Book Review >> Mindful Of Race
Transforming Racism from the Inside Out
Written by Ruth King
Book review by Laurie Phuong Ertley
“Racism is a heart disease—and it’s curable.” As an educator with more than 20 years of experience, King offers her readers practical tools to cure one’s own internalized racism in her book Mindful of Race (2018). King identifies as Black Queer grandmother with more than enough compassion and wisdom to offer anyone willing to address the inherent and uninvited pain that comes from living in a racialized society. Her background in clinical psychology, organizational development, diversity consulting, and meditation informs her writing.
King recognizes that systems of oppression affect every member of society, regardless of their race. Thus, the book is divided into chapters addressing White people and People of Color separately. While she acknowledges that there are many nuances in terms of identity in both groups, particularly within the POC umbrella, she offers these discrete chapters in order to address the unique challenges that each group faces. As a reader, I read every chapter because I found it worthwhile to learn about all the perspectives, and I came away with a greater appreciation of everyone’s point of view. I particularly found the real-life case presentations helpful, because they illuminated the steps towards a sense of reclaimed humanity and wholeness. The individual stories in this book gave me social proof that not only can people heal from the pain of racial injuries, they can grow to be more loving people because they have faced these injuries.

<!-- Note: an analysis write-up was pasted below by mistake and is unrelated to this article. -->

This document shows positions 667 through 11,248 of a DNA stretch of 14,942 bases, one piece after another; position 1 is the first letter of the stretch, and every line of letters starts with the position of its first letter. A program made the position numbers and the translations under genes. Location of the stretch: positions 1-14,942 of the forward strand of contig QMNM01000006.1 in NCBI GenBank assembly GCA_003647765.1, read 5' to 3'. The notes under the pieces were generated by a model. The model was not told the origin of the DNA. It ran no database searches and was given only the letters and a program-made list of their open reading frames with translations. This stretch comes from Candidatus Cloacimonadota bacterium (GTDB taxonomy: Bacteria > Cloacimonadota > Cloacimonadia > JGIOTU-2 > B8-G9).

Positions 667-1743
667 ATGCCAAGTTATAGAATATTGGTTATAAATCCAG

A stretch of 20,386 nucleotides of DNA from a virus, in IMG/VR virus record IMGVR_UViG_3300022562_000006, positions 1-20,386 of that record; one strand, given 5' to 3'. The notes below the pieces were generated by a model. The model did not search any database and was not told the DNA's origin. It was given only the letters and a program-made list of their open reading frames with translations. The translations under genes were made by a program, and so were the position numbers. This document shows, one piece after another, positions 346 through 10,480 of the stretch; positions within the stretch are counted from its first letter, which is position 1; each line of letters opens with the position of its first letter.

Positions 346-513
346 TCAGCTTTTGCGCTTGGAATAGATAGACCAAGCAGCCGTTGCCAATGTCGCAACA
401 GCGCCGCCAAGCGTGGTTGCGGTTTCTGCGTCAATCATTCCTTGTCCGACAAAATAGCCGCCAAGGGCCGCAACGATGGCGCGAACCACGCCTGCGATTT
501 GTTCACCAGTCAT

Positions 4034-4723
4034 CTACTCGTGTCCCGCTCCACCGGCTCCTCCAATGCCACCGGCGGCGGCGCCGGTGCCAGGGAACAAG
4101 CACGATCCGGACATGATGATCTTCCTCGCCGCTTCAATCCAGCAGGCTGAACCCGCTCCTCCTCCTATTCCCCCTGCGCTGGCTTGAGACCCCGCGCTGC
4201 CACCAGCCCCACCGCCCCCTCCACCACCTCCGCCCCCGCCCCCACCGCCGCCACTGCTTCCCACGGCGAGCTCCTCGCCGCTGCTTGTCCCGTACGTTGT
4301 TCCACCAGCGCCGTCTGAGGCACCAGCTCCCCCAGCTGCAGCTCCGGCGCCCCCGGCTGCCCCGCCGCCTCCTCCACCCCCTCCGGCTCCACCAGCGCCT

For those not willing to read a whole book, the steps in a nutshell are: 1) Develop a mindfulness practice. This helps you exercise the muscle of non-reactivity; 2) Cultivate an attitude of kindness and curiosity towards your experience; 3) Feelings occur in your body, so drop your attention down from your head into your body; 4) Be open to discovering something new. After reading the book, I invited trusted members of my community to form a Racial Affinity Group. This is one of King’s solutions for us: do this work within our own racial group. The work of racial healing is akin to heart surgery, and you only want to do it with people you have faith in and who believe in you.